I found this very sad and a very profound level of sacrifice. Not only would his friends not recognize all he did to save the universe, but they wouldn't even realize that he had sacrificed his relationship with them. They wouldn't be any the wiser, but he would know it. And he would have to live with that.
Thinking about this makes me wonder if we know what sacrifice means at that level. To forgive even those who may not forgive you. To love even those who we know do not love us. How do we do this?
We need a higher perspective. Peter Parker did what he did because he knew it would save the universe. He could live with that and get on with his life. If we are called to make that kind of sacrifice, we can do it if we respond to a higher calling, and that calling, in my opinion, is connected to our belief in eternal life. We can do this if we properly understand who God is and how much we are loved. “Love your enemies and pray for those who persecute you, so that you may be children of your Father in heaven, for he makes his sun rise on the evil and on the good and sends rain on the righteous and on the unrighteous.”
A story to conclude:
In a mother’s womb were two babies. One asked the other: “Do you believe in life after delivery?”
The other replied, “Why, of course. There has to be something after delivery. Maybe we are here to prepare ourselves for what we will be later.” “Nonsense,” said the first. “There is no life after delivery. What kind of life would that be?” The second said, “I don’t know, but there will be more light than here. Maybe we will walk with our legs and eat from our mouths. Maybe we will have other senses that we can’t understand now.” The first replied, “That is absurd. Walking is impossible. And eating with our mouths? Ridiculous! The umbilical cord supplies nutrition and everything we need. But the umbilical cord is so short. Life after delivery is to be logically excluded.”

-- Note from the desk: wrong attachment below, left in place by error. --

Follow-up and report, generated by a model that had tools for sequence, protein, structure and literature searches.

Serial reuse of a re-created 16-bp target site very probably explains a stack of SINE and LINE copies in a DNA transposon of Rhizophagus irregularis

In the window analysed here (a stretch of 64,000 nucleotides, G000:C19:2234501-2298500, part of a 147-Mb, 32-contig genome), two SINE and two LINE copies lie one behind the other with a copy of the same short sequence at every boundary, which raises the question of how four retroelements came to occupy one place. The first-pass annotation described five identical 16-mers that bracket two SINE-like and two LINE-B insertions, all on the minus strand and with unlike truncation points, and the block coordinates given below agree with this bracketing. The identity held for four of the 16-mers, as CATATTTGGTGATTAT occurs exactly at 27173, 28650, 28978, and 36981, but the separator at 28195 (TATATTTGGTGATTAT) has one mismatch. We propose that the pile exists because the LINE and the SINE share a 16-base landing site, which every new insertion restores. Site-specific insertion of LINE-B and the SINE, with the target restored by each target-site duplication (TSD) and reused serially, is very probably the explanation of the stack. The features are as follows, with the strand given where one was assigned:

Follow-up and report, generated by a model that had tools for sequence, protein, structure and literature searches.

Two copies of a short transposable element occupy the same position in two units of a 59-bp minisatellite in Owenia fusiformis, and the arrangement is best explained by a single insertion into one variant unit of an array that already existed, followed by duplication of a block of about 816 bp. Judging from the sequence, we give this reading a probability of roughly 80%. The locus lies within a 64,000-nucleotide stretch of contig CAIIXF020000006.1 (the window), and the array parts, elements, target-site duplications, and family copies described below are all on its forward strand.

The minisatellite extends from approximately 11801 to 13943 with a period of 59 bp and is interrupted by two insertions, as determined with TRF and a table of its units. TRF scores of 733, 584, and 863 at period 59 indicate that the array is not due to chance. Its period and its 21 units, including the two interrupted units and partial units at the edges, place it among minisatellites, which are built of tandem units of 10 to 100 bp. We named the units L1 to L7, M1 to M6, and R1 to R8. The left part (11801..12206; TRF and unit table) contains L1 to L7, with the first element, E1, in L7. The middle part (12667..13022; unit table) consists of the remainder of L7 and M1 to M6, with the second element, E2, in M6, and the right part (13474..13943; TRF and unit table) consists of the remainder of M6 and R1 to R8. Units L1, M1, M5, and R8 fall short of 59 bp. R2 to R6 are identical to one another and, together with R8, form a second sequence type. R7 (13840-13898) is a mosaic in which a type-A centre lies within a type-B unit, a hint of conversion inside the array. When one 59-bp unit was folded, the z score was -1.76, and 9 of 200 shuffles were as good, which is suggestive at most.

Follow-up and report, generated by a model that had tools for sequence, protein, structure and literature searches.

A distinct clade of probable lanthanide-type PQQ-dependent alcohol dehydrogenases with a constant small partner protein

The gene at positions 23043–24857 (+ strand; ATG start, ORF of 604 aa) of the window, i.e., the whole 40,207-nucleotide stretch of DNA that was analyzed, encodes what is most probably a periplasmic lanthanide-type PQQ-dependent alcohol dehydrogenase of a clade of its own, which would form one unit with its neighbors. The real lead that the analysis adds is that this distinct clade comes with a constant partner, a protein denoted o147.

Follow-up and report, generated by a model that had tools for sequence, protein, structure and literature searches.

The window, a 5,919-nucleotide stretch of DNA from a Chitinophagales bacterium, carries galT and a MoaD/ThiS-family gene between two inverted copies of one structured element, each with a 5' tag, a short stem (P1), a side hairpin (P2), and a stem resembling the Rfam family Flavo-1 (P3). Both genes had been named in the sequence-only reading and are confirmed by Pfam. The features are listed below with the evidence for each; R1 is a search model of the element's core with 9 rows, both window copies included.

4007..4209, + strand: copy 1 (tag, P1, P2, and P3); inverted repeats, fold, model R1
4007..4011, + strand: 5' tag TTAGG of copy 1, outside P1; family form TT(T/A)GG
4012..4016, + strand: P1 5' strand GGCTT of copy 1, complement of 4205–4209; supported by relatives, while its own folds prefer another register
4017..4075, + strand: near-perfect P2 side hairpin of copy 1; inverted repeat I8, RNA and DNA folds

The second insisted, “Well I think there is something and maybe it’s different than it is here. Maybe we won’t need this physical cord anymore.”
The first replied, “Nonsense. And moreover, if there is life, then why has no one ever come back from there? Delivery is the end of life, and in the after-delivery, there is nothing but darkness and silence and oblivion. It takes us nowhere.”
“Well, I don’t know,” said the second, “but certainly we will meet Mother and she will take care of us.”
The first replied “Mother? You actually believe in Mother? That’s laughable. If Mother exists then where is She now?”
The second said, “She is all around us. We are surrounded by her. We are of Her. It is in Her that we live. Without Her, this world would not and could not exist.”
Said the first: “Well I don’t see Her, so it is only logical that She doesn’t exist.”
To which the second replied, “Sometimes, when you’re in silence and you focus and listen, you can perceive Her presence, and you can hear Her loving voice, calling down from above.”